Guest post by Ashby Lowry, Senior Vice President, High Tech, Retail, Manufacturing Industry, Xerox

Today, the retail industry is undergoing a dramatic transformation where the customer experience is paramount and digitization is key. Among digitization is ecommerce, where in 2015 there was a 14.6 percent year-over-year growth of online transactions totaling $341.7 billion1. Earlier this week at the Gartner Symposium/ITxpo, I joined retail futurist Doug Stephens to discuss explosion of ecommerce and how various online marketplaces are impacting the consumer perception of physical retail stores.

Retailers can leverage digitization to improve the flow of work allowing them to pay more attention to consumer needs and reap cost savings that can be reinvested into company innovations. Backed by McKinsey research – digitizing information-intensive processes can cut costs by up to 90 percent and turnaround times improved by several orders of magnitude.

In Doug’s words, digitization is completely changing the shopping experience and the way marketers should strive to interact with customers. Consumers can buy anywhere – on Amazon or other product-focused internet marketplaces, and even on social media. Now, physical stores are more about creating connections with brands through unique and personalized experiences, ensuring customers will buy your brand on any channel.

Major areas impacting the future of retail with analytics include:

Transaction analytics tells retailers what shoppers bought and when. These insights can then be used for targeted consumer communication and creating a more personalized shopping experience.

Robotics and visual analytics tells retailers where shoppers walked through the store, which items they compared, and whether promotions were placed correctly and were effective. This can help inform decisions on pricing and packaging, traffic flow of shoppers from entrance to checkout, and monitor wait times at checkout lines to determine optimal scheduling.

Additionally, retailers have the opportunity to collect data to better understand process performance, cost drivers and causes of risk. This will then increase efficiency and drive costs down.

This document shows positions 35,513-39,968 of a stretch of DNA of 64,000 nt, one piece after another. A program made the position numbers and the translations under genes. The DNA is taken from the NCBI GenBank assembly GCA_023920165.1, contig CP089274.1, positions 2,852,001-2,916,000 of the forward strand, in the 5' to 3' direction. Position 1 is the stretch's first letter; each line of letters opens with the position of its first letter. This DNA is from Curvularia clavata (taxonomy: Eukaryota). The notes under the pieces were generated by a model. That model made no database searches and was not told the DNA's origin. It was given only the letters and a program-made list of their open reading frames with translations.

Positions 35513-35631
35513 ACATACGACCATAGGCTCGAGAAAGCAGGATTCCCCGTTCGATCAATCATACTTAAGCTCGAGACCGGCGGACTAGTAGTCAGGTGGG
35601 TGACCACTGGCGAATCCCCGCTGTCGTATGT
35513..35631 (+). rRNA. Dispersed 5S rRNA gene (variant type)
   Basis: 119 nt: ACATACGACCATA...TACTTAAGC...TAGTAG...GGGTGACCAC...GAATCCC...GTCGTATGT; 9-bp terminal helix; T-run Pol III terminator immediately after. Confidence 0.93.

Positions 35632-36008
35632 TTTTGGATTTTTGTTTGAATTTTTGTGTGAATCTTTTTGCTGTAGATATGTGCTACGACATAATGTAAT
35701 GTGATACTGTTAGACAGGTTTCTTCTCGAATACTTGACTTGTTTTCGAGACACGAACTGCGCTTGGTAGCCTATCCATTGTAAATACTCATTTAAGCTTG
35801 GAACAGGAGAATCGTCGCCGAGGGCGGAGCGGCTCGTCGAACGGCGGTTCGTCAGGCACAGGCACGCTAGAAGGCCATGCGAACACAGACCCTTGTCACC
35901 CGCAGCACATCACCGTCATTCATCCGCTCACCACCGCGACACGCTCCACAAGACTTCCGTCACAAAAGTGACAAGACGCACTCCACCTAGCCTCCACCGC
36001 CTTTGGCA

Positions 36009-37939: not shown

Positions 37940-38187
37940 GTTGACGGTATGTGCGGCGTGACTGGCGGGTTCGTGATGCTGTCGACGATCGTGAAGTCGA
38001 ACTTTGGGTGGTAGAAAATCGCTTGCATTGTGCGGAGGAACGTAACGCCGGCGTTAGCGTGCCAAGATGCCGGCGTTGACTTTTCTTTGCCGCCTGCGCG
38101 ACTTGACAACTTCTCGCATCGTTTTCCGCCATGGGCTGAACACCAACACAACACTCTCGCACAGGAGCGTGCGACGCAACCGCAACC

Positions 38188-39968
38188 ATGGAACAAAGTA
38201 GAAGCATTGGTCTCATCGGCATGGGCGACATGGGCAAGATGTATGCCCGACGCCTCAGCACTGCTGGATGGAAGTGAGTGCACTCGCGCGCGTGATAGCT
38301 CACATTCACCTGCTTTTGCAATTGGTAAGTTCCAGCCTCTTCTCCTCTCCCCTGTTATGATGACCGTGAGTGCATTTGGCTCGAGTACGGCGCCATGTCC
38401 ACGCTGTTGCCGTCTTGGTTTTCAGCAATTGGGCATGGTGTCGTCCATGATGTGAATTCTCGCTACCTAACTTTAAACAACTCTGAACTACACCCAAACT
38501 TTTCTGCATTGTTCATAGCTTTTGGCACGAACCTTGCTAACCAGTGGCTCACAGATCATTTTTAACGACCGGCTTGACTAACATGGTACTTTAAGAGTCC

For example, Dillard’s department store was reeling from manual, paper-intensive processes and worked with us to streamline processes and improve the flow of work. An Office Document Assessment provided an in-depth look at Dillard’s business practices and included a cost analysis and savings hypothesis. From there we created a system that sent merchandise directives electronically, saving production time and reducing costs of paper and postage. We also automated workflow processes to increase the accuracy and efficiencies of HR hiring documentation to further lower operational costs and reduce paper waste.

Just as Doug said, the future of retail lies in digital marketplaces across a multitude of channels. By adopting digitization tools and solutions, retailers can reduce operational costs, optimize the customer experience and be more responsive to customer needs. If you take a look at companies like Airbnb, Uber and Netflix, they are completely changing the way consumers approach entire industries by creating unique digital experiences that cater to customer preferences. Yet on the contrary, an example Doug discussed in the session, West Elm, is putting as much – or maybe more – emphasis on their physical store presence. The furniture retailer has now opened a hotel showcasing their furniture, where guests can then buy the bed they slept on two days later.

“If nothing about your idea scares you, it’s likely not that innovative,” concluded Doug Stephens. “When it comes to a great idea: don’t wait, go first!”

1 U.S. Department of Commerce